Later on, in Korean church camp, Choi realized that doing skits about “redeemed gangsters, pimps and whores” could make girls laugh, which helped him socially because he was shy.
After a rough start at one high school, where he got into a tough crowd and spent most of his time perfecting his skateboarding skills, he moved to another and reinvented himself through music and theatre. That led to studying theatre at York.
It hasn’t all been easy, though. He had only a handful of Asian-Canadian acting role models, after all.
“I did see Sandra Oh onstage,” he recalls. “I remember her playing a cop in Inquest at the Factory Theatre. I went because she was [one of the only Asian actors I knew]. I saw Jean Yoon, who’s in Kim’s Convenience. But that was it. And there were hardly any Asian male actors. Denis Akiyama… who else?”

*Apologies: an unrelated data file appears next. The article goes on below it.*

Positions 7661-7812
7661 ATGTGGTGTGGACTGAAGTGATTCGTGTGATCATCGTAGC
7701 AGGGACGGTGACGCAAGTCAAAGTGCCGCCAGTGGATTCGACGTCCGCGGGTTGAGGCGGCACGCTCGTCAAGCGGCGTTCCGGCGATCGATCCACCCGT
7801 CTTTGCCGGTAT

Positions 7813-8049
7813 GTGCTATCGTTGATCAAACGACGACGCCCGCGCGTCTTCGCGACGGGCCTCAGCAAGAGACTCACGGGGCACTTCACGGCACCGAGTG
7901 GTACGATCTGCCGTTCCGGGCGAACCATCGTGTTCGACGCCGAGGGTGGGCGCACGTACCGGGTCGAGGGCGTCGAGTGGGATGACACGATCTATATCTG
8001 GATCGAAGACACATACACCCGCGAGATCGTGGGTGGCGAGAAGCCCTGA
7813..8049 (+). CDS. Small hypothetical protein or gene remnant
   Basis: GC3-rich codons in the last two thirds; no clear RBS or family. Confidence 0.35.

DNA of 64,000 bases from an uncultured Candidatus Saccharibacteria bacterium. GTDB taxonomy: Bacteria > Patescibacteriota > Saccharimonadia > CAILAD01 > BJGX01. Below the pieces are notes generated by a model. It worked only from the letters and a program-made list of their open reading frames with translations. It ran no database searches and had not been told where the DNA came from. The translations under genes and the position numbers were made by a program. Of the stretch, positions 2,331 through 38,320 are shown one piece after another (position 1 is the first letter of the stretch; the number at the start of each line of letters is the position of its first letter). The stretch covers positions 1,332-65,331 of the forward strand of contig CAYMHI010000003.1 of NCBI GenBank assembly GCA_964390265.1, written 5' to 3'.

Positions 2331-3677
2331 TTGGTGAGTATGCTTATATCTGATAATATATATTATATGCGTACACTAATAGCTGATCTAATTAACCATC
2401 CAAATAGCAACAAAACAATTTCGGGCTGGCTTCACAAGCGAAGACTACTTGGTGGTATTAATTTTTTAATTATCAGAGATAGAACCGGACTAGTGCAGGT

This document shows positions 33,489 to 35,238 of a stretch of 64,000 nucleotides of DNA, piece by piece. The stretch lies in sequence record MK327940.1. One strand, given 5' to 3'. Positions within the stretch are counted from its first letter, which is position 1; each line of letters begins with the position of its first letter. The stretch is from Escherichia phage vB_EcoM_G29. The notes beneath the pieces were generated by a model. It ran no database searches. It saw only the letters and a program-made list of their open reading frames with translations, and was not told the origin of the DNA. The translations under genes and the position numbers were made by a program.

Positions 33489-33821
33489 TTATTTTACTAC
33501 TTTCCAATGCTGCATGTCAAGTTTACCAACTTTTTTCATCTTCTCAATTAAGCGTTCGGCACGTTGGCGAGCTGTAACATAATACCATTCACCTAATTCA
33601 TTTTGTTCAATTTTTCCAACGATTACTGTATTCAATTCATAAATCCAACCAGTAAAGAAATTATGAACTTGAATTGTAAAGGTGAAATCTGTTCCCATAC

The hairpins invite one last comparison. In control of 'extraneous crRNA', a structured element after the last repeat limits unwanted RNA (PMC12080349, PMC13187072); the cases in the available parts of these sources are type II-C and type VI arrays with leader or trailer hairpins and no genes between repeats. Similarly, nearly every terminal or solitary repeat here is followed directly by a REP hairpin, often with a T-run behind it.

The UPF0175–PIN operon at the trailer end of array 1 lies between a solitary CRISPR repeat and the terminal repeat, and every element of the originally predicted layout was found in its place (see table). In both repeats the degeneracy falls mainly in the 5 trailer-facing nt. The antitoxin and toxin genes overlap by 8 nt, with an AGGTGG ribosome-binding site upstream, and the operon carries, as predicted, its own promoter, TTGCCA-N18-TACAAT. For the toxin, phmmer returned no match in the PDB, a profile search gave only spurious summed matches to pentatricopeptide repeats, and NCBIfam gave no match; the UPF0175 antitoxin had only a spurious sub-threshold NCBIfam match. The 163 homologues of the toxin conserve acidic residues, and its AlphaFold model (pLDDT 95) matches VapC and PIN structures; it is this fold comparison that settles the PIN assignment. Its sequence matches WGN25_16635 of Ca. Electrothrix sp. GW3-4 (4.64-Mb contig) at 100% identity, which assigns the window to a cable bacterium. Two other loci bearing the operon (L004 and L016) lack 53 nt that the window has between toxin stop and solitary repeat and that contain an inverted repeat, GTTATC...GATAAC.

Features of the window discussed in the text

Now, though, especially with the Asian-Canadian theatre troupe fu-GEN, where he first tried out scenes from Kim’s Convenience, things are beginning to change. He’s part of a generation of theatre artists that includes Nina Lee Aquino, Richard Lee, Marjorie Chan and David Yee. He even traces an “Asian bloodline” at York, with Lee, Grace Kung and Rose Cortez following him in the theatre program.
He’s still acting, but with one produced script behind him, he’s eager to finish more. He’s currently focusing on one called Northern Korea, about the unification of the Koreas.
“It’s an absurdist play, because it’s an absurd country where weird things happen,” says Choi, whose father currently assists North Korean refugees. Choi once visited North Korea with his dad, the two of them posing as businessmen. He’s also met a few North Koreans living in Toronto without status.
“They’re young, they have dreams, they want to get married, find love, have kids and figure out who they are,” he says, clearly caught up in the possibilities of the play.
And like his dad, the former pastor, he would like an audience for his work. He wants Kim’s Convenience to appeal not just to regular theatre-goers but to the Korean-Canadian community.
“Second-generation Korean-Canadians see things like Mamma Mia! or Les Misérables,” he says. “I want them to come. But I also want the first generation, my parents’ generation, to see it. Rather than rent a video, I want them to embrace this show.”